Weng says, "Practicality is never that important. A new model may cost NT$30-40,000 and doesn't necessarily have more functions than the older models. But it's lighter and it's cool, and, most importantly, it's 'new.' It stirs up interest in buying. For many people, a mobile phone has become like a piece of jewelry or an upmarket car-they always want the newest one on the market." He says that when the well-known Hong Kong movie star Leon Lai became spokesperson for one particular model of phone last year, it became a status symbol. Suddenly everyone in the Hong Kong movie industry had to have one. The resultant buying spree sent prices through the roof as everyone tried to get their hands on one. Something similar happened in Taiwan, too.
Adults who follow fashion and enjoy spending have a strong influence on teenagers. Lai Cheng-fu, who also sells phones, says that kids don't have the tens of thousands of dollars it takes to replace their old phones with the newest models. So instead, when they buy a phone, they look for one that is cheap, fashionable and easily customized, and which has something different about its ring. For example, one Nokia model which has a shell that is easily replaced is hot with teenagers, some of whom even go so far as to spraypaint their phones to make them "different."
"You should go look around the Hsimenting area. They've got every kind of shell you can imagine there. Right now, ones with Hello Kitty pictures on them are popular. And besides shells, there are all kinds of accessories you can buy. For example, there are lights that attach to the receiver and flash when the phone rings, as well as headphones and cases. Teenagers haven't just created a new market, they've also created their own unique culture," says Cheng.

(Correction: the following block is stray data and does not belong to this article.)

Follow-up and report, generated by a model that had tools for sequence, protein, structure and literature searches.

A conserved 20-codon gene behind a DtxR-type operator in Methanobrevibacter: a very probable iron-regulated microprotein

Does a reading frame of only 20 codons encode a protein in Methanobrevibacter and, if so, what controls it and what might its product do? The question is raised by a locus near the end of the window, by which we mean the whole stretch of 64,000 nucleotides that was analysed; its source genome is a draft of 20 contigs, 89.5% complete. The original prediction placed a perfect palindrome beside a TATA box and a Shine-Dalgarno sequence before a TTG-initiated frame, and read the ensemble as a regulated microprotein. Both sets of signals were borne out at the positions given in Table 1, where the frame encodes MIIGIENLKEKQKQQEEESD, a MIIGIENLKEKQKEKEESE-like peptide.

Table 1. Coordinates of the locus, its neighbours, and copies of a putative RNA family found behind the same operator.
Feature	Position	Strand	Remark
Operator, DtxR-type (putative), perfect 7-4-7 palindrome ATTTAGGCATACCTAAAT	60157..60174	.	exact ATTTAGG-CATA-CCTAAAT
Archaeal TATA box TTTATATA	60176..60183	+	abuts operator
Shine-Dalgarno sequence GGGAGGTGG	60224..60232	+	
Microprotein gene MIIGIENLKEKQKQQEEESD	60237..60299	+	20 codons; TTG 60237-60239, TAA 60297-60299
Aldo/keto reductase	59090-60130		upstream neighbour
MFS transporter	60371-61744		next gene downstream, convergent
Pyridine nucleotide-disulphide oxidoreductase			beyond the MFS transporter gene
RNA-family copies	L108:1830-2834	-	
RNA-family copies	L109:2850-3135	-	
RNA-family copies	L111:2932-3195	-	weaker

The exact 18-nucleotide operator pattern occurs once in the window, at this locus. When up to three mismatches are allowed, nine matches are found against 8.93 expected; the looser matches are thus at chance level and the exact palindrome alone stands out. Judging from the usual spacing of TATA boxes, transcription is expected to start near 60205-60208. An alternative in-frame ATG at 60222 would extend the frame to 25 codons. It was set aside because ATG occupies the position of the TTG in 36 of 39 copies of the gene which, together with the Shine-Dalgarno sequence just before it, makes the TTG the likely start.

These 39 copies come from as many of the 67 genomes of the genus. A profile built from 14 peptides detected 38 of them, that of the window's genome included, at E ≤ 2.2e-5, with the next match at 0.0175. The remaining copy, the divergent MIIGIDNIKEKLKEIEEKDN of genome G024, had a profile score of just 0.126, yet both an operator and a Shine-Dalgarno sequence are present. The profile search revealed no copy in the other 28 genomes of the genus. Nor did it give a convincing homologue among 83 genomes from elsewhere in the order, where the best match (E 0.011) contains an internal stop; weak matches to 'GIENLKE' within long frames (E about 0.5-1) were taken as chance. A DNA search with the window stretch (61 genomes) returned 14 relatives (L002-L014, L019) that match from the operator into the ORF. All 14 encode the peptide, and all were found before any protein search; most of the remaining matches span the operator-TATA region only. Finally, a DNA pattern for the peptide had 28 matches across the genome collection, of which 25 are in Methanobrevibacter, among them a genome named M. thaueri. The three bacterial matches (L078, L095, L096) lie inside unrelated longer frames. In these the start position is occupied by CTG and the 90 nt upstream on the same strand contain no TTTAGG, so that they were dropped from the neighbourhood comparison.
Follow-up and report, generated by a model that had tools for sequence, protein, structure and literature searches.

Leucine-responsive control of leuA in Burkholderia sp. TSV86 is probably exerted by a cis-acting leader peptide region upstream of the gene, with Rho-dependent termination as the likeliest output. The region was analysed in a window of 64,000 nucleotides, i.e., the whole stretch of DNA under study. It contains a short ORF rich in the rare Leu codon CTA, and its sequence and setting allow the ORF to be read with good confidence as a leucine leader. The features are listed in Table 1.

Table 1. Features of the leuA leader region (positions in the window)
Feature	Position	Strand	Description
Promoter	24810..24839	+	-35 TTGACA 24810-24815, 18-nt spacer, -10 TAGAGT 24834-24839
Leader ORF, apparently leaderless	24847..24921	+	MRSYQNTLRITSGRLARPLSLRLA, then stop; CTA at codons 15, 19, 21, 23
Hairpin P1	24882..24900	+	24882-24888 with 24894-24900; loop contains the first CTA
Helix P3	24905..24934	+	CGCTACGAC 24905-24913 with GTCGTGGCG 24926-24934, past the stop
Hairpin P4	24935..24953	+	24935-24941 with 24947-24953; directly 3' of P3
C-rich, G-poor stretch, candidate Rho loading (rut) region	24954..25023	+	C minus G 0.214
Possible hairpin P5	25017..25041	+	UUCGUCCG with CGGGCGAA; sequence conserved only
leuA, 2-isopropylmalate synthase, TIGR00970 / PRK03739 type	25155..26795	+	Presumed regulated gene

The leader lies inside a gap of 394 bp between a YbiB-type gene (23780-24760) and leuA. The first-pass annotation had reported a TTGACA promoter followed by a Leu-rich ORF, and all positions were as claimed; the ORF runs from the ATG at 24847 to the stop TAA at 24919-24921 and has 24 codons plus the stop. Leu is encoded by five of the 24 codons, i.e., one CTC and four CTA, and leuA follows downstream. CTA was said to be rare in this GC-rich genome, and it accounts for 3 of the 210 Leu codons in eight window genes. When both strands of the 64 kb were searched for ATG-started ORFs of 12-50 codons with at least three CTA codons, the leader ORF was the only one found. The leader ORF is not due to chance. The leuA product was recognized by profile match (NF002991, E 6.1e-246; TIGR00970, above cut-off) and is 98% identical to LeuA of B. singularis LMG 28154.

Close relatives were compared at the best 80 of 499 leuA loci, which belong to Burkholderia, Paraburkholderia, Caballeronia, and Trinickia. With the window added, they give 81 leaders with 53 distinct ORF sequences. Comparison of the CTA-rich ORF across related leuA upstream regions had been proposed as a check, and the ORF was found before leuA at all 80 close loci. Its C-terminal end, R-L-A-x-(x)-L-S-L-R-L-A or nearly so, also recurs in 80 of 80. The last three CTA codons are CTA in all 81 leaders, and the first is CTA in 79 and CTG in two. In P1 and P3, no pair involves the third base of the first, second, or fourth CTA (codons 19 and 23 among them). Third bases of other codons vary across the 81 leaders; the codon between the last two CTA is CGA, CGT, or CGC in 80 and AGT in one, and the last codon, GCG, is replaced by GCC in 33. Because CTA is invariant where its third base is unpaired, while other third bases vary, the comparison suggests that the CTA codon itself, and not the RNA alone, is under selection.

Chuang Hui-chiu says that in the past, people felt that replacing things often was wasteful, and thus had a negative view of fashion. But for modern people, keeping up with fashion is an important part of consumer culture. Fashion holds pride of place in this system of values, and he who possesses the newest things and the most up-to-date information is king of the hill.
Please turn it off!
Chang Hsiao-fang, who works for a media company, says that she doesn't much care how people analyze the mobile phone phenomenon, nor does she think too much about whether her reliance on her cell phone is reasonable. She simply feels that since technology has advanced to this level, people should just adapt to a new way of life.
"When you're out grocery shopping, you can get on the phone and tell your girlfriends who's selling white radishes cheaply today! The advance of technology is really exciting. I don't know how I could get by without my mobile phone," exclaims Chang.